Hydroxyl radical scavenging capacity was determined using modified method of Kwon et al. (2010).24 The ascorbic acid was used as standard and absorbance was measured at 532 nm. The scavenging activity on hydroxyl radical was calculated as follows:

Scavenging activity(%)=(1absorbance of sample)(absorbance of the control)×100

In vitro studies

Evaluation of Hemoglobin Glycation

Hemoglobin glycation was estimated by the method of Adisa et al. (2004).25 The concentrations of glycated hemoglobin were estimated using colorimeter at 443nm after an incubation period of 24 and 48 h.

In vivo studies

Experimental animals

Wistar male rats aged 6 months, weighing between 180-200 g and the standard pellet feed were procured from Jiva Lifesciences, Uppal, Telangana, India. The animals were maintained as per the guidelines CPZ.mays silk EA (CPZ.mays silk EA/IAEC/JLS/003/03/15/002), India.

Experimental induction of diabetes

Type1 diabetes was induced through single intraperitoneal injection of freshly prepared Streptozotocin (STZ) (70 mg/ kg b.w.) in 0.1 M citrate buffer (pH = 4.5) to overnight starved rats.26 Diabetic rats were permitted to drink 20% glucose solution overnight to overcome the initial drug induced hypoglycemic death. The blood glucose level was measured after three days, and rats with glucose levels >250 mg/dL were considered as diabetic. At the time of induction, control rats were injected with 0.2 mL of vehicle (0.1 M citrate buffer, pH 4.5) alone.

Experimental design

42 males were divided into 7 groups (6 normal and 36 STZ diabetic existing rats) were used. They were separated into seven groups of 6 rats each. Group I: Control rats (were given 0.5 mL of 0.9% saline orally for 35 days). Group II: Diabetic group (STZ 70 mg/kg b.w.). Group III: Diabetic rats were given Glibenclamide (600 μg /kg b.w. dissolved in 0.5 mL of 0.9% saline) for 35 days. Group IV: Diabetic rats were given A. heterophyllus (200 mg/kg b.w. dissolved in 0.5 mL of 0.9% saline) orally for 35 days. Group V: Diabetic rats were given S. cumini (200 mg/kg b.w. dissolved in 0.5 mL of CMC) for 35 days. Group VI: Diabetic rats were given Corn silk (Z.mays silk) (200 mg/kg b.w. dissolved in 0.5 mL of 0.9% saline) for 35 days. Group VII: Diabetic rats were given Shilajit (200 mg/kg b.w. dissolved in 0.5 mL of 0.9% saline) for 35 days. Towards the end of the study (35 days), the animals were euthanized by ketamine (24 mg/kg/body). To investigate the effects of anti-diabetic drugs, blood was collected from the diabetic rats every alternate day for 5 weeks and they were uniformly grouped for glycosylated hemoglobin and lipid levels among groups and for each model.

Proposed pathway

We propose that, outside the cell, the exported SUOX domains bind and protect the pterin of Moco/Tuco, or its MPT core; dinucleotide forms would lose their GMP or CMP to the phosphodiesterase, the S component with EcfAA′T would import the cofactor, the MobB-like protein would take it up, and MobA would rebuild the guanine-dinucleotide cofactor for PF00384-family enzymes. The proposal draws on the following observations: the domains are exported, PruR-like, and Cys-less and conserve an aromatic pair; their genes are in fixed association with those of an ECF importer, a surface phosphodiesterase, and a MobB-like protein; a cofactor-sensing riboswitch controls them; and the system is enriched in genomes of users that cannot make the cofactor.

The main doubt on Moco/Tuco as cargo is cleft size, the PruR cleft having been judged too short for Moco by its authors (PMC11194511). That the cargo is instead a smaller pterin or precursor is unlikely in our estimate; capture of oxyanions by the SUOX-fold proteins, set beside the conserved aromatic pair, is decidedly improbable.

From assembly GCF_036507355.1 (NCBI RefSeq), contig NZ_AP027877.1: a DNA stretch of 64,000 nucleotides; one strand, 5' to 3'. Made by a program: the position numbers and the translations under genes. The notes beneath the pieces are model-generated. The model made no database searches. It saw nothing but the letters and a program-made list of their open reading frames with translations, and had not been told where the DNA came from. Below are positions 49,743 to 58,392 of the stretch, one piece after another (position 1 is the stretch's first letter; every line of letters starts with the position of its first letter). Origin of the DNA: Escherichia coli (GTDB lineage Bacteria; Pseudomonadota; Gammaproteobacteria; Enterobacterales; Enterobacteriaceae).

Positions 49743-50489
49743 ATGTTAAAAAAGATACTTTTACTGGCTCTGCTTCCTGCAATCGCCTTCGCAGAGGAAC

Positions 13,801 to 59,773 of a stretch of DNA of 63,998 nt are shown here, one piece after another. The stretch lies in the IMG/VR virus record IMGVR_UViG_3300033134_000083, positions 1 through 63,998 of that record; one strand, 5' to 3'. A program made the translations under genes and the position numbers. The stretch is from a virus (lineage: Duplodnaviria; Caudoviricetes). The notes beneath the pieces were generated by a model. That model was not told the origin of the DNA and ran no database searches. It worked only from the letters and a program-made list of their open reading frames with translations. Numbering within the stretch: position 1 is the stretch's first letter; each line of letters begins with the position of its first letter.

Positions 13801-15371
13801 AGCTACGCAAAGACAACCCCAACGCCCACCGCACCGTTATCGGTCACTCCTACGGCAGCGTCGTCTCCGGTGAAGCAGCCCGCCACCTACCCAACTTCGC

Determination of Body Weight

During the study period of 35 days, body weights of experimental groups were determined on the 1st day and 35th day after induction of diabetes by administering STZ.

Estimation of biochemical parameters

Glucose level in plasma was determined by glucose oxidase-peroxidase-hexokinase method using auto-analyzer (AU480-Beckman coulter. inc) at 540 nm against reagent blank.27,28 The lipid profile was determined on regular intervals i.e. day 1, 7, 14, 21 and 35 before the animals were euthanized. Total cholesterol, triglycerides (TGL), high-density lipoprotein (HDL), low-density lipoprotein (LDL), and very low-density lipoprotein (VLDL) in serum was determined by using commercial kits on automatic bioanalyzer (AU480-Beckman coulter. inc).26

iNOS gene expression analyses using real- time PCR